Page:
1. Encourage employees to be themselves

Every policy needs to have empathy and understanding that each employee is an individual who provides a unique value to the brand. Employees will be more responsive to the policy if they know it is not meant to restrict who they are, but rather to help bring out the best in them.

2. Remind employees they’re a walking, talking image of the brand

Whether they’re on the clock or not, it’s important to note that what employees do at work or outside of it could get documented and potentially reach thousands. Not only might they share something inappropriate, but they might be the subject featured in someone else’s inappropriate content. Such instances could also give rise to disciplinary action. Though blunt, Best Buy’s policy provides clear direction on what could happen if an employee violates their social media policy. Being clear is being kind, and it helps combat confusion.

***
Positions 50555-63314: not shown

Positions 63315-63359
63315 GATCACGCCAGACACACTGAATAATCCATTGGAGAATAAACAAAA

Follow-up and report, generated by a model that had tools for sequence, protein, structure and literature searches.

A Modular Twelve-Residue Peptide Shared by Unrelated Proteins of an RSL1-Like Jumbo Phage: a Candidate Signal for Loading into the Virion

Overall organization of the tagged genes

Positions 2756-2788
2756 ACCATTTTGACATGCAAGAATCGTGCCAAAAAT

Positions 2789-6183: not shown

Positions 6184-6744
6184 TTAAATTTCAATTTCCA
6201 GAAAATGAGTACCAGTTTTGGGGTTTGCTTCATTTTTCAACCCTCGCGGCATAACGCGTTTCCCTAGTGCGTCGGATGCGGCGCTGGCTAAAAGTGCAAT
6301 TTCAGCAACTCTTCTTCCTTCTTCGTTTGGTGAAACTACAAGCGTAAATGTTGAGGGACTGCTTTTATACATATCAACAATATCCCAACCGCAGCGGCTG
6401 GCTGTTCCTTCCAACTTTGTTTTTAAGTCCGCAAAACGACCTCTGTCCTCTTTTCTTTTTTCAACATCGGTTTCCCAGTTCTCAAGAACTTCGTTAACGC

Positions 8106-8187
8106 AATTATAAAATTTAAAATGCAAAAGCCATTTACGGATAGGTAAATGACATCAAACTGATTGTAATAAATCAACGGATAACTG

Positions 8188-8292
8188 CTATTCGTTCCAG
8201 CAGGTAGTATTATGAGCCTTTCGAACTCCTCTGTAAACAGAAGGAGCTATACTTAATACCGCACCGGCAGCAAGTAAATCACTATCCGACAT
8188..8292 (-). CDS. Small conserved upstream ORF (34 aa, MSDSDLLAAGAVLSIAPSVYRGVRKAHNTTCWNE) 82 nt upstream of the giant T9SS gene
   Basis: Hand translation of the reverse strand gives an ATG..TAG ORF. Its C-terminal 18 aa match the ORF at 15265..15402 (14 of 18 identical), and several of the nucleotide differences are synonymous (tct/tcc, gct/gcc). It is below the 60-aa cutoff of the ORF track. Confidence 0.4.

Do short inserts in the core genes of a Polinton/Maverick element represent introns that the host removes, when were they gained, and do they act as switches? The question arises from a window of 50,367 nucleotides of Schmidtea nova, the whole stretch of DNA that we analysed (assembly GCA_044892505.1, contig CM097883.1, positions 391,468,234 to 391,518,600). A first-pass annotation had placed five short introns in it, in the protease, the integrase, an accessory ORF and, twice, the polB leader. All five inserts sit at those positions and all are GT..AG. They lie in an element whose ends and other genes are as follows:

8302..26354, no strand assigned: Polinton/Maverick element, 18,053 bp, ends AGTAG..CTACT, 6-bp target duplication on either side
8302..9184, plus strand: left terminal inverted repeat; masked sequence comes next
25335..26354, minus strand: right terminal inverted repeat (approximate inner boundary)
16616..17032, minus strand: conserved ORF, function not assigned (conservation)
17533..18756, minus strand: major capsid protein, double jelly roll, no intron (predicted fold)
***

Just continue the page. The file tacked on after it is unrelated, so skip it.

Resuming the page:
3. Remind everyone that their content always has the potential to reach thousands

Employees often forget how one tweet, private message or post in a private group can become viral in the click of a share button. It’s important for your social media policy to remind them of this. Regardless of what settings they have in place or what “private” channels they use, their actions, words and images have the chance to quickly become public.

4. Note that the employee will be associated with the brands they engage with

Not only will your employee activity be connected with your brand, but also any other groups, associations, volunteer organizations, etc., they support or serve. This is your opportunity to remind employees to be thoughtful, honest and transparent about their connections to the brand and those outside of it.